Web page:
iPad GPS Navigation – Preview
Yes, the iPad 3G (the one with GPS) is out and despite its size there are people considering using it as an in-car navigation system. While we’re just a few days into using the iPad 3G with GPS and few developers have had time to adjust, we can report how some of the various navigation applications function on the iPad. Most of these applications are iPhone apps, running on the iPad.
First, let’s talk about performance of the GPS chip itself. So far I’ve been very impressed. The GPS in the iPad gets a position fix faster than my iPhone 3G, and doesn’t drop the fix nearly as often. The accuracy looks very good. From what I’ve seen so far the GPS performance in the iPad is better than the iPhone 3G.
What follows are not “reviews” of these apps– we’ve already done that in most cases. Rather just a few short notes about any idiosyncrasies or issues specifically related to running the current iPhone apps on the iPad.
Since all of the apps mentioned are not compiled for both iPhone and iPad, they all either run in the tiny window at original resolution, or “2x” zoomed where they show some pixelation. Text looks particularly bad when zoomed, however the graphics on the apps were not horrendous.
I didn’t have any significant issues with the TeleNav app, aka “AT&T Navigator”. Unlike the other apps tested TeleNav doesn’t include on-board mapping so be sure you’re on the unlimited data plan if you go this route as it won’t take many miles of driving to suck down 250MB of data.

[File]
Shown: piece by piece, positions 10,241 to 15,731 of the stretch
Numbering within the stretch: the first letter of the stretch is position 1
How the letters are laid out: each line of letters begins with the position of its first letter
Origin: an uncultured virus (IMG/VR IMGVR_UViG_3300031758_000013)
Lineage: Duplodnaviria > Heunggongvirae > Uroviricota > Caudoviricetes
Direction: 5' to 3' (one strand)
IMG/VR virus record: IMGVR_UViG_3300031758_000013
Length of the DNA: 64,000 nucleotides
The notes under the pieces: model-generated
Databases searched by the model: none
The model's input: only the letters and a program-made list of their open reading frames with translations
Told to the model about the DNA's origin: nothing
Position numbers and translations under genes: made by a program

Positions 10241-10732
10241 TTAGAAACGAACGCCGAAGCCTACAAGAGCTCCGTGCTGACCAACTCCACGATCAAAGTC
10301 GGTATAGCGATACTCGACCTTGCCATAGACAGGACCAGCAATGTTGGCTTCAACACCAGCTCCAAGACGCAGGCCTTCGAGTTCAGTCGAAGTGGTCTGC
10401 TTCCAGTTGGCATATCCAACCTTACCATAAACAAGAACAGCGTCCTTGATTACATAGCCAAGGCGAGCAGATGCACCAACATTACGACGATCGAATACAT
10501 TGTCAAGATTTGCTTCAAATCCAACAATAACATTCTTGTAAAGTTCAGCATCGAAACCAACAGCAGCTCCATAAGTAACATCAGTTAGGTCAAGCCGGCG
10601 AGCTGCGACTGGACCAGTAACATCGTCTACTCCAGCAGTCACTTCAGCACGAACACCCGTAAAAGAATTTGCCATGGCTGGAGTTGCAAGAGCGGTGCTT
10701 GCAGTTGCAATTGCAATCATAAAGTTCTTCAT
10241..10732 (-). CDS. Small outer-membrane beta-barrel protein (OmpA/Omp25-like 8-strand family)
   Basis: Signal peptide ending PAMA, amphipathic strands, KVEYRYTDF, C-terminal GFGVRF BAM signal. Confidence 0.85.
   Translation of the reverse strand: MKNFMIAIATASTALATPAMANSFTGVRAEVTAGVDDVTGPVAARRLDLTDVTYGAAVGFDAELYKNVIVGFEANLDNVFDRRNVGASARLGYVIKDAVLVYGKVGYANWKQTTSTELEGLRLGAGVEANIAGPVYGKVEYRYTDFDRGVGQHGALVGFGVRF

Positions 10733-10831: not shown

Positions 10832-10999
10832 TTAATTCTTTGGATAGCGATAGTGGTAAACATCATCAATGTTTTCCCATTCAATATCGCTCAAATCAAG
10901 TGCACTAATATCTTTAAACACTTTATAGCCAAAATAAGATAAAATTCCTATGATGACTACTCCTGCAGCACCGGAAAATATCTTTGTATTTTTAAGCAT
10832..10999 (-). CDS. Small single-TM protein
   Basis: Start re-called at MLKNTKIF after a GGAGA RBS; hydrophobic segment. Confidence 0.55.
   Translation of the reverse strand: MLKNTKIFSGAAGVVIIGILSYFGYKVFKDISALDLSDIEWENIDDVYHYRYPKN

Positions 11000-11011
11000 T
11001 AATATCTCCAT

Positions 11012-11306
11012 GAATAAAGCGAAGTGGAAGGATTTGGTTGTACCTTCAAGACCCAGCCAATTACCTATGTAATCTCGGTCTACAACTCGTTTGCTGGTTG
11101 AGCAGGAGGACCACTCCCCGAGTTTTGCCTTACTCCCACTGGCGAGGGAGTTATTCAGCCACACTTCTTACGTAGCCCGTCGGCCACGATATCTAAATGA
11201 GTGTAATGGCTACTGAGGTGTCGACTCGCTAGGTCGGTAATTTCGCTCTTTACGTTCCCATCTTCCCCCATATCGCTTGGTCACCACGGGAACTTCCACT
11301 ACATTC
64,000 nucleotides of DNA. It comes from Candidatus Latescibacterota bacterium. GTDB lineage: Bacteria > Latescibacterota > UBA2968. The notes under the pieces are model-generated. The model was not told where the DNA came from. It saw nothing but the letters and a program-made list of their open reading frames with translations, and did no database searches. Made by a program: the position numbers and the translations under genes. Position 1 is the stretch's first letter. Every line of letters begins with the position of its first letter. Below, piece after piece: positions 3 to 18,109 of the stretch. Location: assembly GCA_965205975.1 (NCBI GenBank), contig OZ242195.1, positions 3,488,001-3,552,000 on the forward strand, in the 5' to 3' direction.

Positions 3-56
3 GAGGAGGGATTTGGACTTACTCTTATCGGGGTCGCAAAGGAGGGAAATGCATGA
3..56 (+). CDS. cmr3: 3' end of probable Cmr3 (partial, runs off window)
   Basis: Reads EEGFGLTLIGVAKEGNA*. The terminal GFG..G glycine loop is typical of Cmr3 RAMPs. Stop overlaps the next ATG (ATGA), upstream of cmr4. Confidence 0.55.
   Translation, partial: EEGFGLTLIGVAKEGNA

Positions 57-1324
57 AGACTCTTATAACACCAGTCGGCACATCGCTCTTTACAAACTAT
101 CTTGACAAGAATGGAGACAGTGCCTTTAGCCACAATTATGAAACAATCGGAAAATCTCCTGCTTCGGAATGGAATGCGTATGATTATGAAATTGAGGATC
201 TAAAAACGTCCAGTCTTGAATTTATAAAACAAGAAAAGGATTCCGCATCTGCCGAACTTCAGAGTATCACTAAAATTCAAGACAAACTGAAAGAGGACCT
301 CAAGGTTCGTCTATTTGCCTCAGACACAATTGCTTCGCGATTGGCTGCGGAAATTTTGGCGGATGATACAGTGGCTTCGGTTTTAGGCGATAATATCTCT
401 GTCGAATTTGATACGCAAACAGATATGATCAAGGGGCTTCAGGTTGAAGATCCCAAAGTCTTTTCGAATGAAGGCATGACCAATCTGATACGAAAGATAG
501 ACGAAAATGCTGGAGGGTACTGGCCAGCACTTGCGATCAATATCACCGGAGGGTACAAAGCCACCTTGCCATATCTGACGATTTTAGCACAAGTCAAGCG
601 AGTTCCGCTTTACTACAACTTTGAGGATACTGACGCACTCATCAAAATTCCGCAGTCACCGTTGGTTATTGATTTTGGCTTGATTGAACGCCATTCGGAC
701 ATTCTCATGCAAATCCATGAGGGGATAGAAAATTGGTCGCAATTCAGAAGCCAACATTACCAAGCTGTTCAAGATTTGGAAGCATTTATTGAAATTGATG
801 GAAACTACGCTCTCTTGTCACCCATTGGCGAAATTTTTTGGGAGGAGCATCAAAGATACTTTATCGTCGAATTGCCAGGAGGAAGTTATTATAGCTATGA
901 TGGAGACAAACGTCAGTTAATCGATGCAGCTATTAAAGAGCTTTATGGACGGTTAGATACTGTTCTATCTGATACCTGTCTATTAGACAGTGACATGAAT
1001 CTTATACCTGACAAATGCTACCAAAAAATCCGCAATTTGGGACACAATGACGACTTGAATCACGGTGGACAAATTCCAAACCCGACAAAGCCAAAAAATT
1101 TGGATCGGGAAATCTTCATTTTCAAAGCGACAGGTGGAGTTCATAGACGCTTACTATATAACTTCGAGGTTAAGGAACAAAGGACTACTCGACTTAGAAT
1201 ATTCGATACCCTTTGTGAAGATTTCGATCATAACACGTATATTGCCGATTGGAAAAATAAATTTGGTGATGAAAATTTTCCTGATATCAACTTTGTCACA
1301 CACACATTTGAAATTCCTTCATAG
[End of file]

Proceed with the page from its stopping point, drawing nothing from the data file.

The Navigon appalso didn’t experience any significant issues. With on-board maps you won’t chug down a ton of data (things like traffic and Google search excluded will use data).
The one app I tried that I did have issues with was the TomTom App. It complained when I launched the app that it wasn’t connected to a GPS, and then continued to flash “Connect to GPS” in the title bar. Ironically, it could track my current position as I drove along, however it would not update my route progress. For example I created a route and it would show the highlighted route, but it wouldn’t show me the distance to the next turn nor provide any voice guidance. All it did was draw the route on the map. In all fairness, these apps were not designed for the iPad but it is interesting that this particular app choked while others didn’t. I imagine this will be addressed.
A tiny note that CoPilot does have an “HD” version of their app out specifically designed for the iPad. I haven’t included it here for two reasons. First, because it is designed for the iPad it doesn’t fit in the same class as these apps and should be evaluated separately. Second in my testing of their iPhone app I’ve found their map data to be so bad that it was practically unusable for navigation in the three states I’ve used it in.
So how are you going to mount the thing? With the Scosche in-vehicle iPad mount of course!